, attached to 1994-05-27

Review by MrPalmers1000DollarQ

MrPalmers1000DollarQ Some really tremendous moments in both sets of this show. David Bowie jam doesn't fall too far from the tree, but certainly tests the limits of the song's Type I frame. Page and Fishman really help sow the seeds of dissonant tension and tow along a heart-tightening crescendo the final, booming measures. Harry Hood (SBD now available on Live Bait Vol. 18) gets a fun extended intro sequence and then really takes off beautifully in the jam. As the jam chart points out, Mike settles into an emotional pattern playing with the major 7 just before the band resolves back to D each cycle through the changes. The band lets it ride, adding almost nothing but harmonic support and a drawn-out crescendo for a minute and a half, and landing in a space just ripe for Trey to come in and mow it down. Spiritually moving performance.

Before I got to the second set, I read some of the reviews that were already on here and saw a few testimonies calling this Reba their favorite. I have to admit that I was immediately skeptical: there are a LOT of "best" Reba's out there, maybe only second to YEM in sheer quantity. But god damn, the more I listen to this one, the more I think y'all might be on to something. Though there isn't as much exploration in this version as some of the greats from '93 (8/16/93 is a fucking journey...), the dynamic play in this performance is mystical. The near-silent passage that kicks off the jam alone is worthy of an SBD release. Every single guy on that stage works his magic to its fullest extent on this one, and Trey's phrasing through the solo drives a compelling point. I'll be re-visiting this one frequently.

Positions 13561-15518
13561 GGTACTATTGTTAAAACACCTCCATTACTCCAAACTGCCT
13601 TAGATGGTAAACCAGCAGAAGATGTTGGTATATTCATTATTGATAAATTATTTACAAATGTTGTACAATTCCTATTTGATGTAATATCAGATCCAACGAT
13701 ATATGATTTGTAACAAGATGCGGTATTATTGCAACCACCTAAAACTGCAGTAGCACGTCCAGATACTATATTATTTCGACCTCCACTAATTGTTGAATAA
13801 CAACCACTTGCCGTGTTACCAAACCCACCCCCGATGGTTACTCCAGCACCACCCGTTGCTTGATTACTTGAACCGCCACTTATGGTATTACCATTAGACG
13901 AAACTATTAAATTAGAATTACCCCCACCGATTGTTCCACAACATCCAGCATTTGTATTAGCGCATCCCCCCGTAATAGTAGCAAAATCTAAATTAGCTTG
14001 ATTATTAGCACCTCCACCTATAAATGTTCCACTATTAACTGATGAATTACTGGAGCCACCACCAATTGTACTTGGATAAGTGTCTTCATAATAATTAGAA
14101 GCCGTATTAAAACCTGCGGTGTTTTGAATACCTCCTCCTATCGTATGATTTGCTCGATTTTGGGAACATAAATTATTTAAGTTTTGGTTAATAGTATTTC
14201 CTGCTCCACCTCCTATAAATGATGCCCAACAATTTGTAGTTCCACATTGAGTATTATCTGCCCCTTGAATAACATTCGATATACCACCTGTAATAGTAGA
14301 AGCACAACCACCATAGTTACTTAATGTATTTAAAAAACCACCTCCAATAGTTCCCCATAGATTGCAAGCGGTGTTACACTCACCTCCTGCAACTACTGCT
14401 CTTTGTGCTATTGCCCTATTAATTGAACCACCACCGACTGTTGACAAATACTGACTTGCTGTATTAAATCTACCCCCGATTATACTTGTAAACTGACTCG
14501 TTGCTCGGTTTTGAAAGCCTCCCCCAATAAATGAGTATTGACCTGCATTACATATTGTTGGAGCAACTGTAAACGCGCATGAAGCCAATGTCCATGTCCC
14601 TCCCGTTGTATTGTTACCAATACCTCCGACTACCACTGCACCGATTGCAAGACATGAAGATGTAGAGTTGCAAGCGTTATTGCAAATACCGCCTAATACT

The debut of Simple is at once both completely sensible (how many Mike's -> Simple's have we seen?) and shocking. The typical formula is Mike's F# first jam, followed by a drop to the F second jam -> Simple and this is what I was expecting after seeing it on paper. Instead, the band rips the debut in F#, completely forgoing a Mike's Song jam. That said, "Simple" itself is performed not with the polished, organized, and blissful arrangement we all know it to bare, but almost in a Catapult-esque fashion where the whole band delivers frenzied vocals over a non-stop hard grooving jam. You could almost classify this as Mike's Song with Simple quotes. Very, very cool to hear after so many years of familiarity with its eventual delivery. When the band DOES finally drop into F, we get a stunning outro jam that gorgeously allows for -> O Mio Babbino. This should be required listening for Phans, if only for its istorical significance, and I'm kicking myself for not hearing it sooner.

Band closes with a fun Possum closer and Fire encore that get the audience involved with boxes of macaroni that serve as an additional percussive element. Even if you just pick out the meaty jam chart tunes from this show, you're in for a treat.


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